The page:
Within weeks, 16 had died in mysterious circumstances. Autopsies on four of the horses found no evidence of disease and tests revealed caesium levels at 200 becquerels per kilo – twice as high as the government-set safety limit for agricultural produce, but not high enough to immediately threaten their health.
Hosokawa recently began legal action against the plant's operator, Tokyo Electric Power [Tepco], claiming 200m yen (£1,269,534) compensation for the loss of the horses he was forced to sell or give away. The animals that died last winter are not included.
Tepco agreed to pay him 10m yen for the loss of 39 horses he could prove were born on the farm, but refused to compensate him for the rest. The family refuses to back down. "No matter how long it takes," said Miwa, "we will keep on fighting."
The 30 or so animals left behind are sustained by feed paid for with donations, many of them sent anonymously, from horse lovers around Japan. One woman turned up on their doorstep with a million yen in cash. Hosokawa repays their generosity with gifts of Fukushima's famed peaches.
He estimates that he has lost about 100m yen in income since March 2011: the compensation the family received for the enforced evacuation has already been spent on uncontaminated feed from the US and Australia. "There was nothing left for the family," he said.
This summer, Miwa, 27, quit her job in Fukushima city to help her father rescue what little is left of their business. But with no end in sight to the evacuation order and a shortage of people willing to take on his remaining horses, Hosokawa reluctantly accepts that the farm's days may be numbered.
"We can't give these horses the same life as they had before the nuclear disaster, and no one wants to buy them," he said. "We can't make a living from them, but unless we feed them they will die."
As Fukushima's long and bitter winter draws in, the Hosokawas again fear the worst. "We don't know why the foals died, only that they died in winter," Miwa said. "I'm worried that we'll find more dead horses this winter."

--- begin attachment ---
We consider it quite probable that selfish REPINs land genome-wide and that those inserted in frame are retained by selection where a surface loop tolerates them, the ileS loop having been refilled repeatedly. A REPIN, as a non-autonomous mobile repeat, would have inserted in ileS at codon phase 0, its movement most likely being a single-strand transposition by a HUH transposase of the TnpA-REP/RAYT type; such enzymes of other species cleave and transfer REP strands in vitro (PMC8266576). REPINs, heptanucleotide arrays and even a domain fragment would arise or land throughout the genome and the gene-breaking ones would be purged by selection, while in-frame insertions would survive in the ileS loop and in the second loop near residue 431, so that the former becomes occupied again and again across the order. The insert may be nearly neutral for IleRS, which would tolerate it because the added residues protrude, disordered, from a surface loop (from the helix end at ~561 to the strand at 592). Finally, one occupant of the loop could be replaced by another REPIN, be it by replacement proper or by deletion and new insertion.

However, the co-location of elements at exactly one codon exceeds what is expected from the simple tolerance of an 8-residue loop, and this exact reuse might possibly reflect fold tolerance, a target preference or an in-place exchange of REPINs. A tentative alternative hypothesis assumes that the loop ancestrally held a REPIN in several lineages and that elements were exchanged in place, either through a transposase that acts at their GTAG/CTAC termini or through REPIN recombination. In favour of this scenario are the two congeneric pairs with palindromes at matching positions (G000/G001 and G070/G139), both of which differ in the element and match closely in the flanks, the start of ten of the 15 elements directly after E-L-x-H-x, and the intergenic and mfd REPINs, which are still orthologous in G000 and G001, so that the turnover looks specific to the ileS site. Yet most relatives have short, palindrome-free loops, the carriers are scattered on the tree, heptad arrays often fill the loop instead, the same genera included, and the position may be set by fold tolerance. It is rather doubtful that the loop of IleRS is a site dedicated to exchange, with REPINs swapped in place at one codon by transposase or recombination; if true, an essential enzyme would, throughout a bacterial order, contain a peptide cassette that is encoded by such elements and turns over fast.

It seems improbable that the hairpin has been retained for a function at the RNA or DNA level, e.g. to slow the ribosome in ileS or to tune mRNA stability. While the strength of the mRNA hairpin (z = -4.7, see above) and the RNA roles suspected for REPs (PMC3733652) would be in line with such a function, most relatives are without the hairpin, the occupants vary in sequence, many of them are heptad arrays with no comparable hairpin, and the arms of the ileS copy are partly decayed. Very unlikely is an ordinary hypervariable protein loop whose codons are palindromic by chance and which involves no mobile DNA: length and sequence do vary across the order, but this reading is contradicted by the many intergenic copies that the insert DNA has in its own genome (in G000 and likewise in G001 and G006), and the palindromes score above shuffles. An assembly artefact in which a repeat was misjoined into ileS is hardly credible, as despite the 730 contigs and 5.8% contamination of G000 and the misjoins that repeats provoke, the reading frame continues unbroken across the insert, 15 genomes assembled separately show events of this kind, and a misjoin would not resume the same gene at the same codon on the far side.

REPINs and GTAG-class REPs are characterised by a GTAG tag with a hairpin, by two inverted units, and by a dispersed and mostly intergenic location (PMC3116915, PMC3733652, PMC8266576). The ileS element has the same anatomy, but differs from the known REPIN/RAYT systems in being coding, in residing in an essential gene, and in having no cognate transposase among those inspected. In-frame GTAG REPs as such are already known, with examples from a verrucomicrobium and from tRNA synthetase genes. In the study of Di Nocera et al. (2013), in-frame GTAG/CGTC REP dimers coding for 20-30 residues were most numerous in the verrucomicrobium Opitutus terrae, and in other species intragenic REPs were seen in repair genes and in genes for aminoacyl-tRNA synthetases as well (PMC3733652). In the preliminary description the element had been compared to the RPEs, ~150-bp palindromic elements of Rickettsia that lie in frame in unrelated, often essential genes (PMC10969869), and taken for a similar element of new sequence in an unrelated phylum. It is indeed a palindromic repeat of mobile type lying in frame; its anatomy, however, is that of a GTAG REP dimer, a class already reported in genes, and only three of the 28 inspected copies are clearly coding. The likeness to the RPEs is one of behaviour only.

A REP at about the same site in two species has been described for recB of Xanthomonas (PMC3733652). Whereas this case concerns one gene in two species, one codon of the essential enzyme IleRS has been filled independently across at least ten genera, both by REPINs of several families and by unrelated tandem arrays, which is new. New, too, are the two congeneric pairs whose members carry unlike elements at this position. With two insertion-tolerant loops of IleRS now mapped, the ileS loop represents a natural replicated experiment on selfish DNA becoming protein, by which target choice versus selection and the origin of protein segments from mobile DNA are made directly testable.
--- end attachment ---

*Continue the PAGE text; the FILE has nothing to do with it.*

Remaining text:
Almost three years on, one of the few signs of human activity in Iitate is the crews of workers who have the near-impossible task of cleaning up the village's contaminated landscape. As quickly as they remove irradiated soil from around homes, schools and other public buildings, rain washes more radioactive particles down from the mountainous forests that cover much of Fukushima prefecture.
Few are convinced by official assurances that their village will again be fit to live in. "Our neighbours have all gone," Miwa said. "They're scattered all over the place. I don't even know where most of them are. The only people who say they'll come back are old. There's nothing here for people with young children." Fellow rebel farmers aside, Hosokawa's only companions are his daughter and the salespeople who frequently cold call with offers of "anti-radiation" pills.
"Life here has been very hard for everyone since the disaster," he said. "Most of the people I know want to return, but because of the radiation they know that they never will. This place is awash with tears. It's a village with no tomorrow."
*************Fukushima horse breeder Tokue Hosokawa's farm - in pictures
Tokue Hosokawa was unable to bear the thought of leaving his animals to starve on his farm in Fukushima prefecture, so he stayed put and joined a handful of residents who continue to live in the contaminated homes they were ordered to abandon
Click to view: http://www.theguardian.com/environment/gallery/2013/oct/27/fukushima-horse-breeder-tokua-hosokawa-farm-in-pictures
Japan's hunts threaten some dolphins and whales with extinction, says EIA
Japan relying on out-of-date data for hunts of small cetaceans, putting some species of whales, dolphins and porpoises at risk, warns Environmental Investigation Agency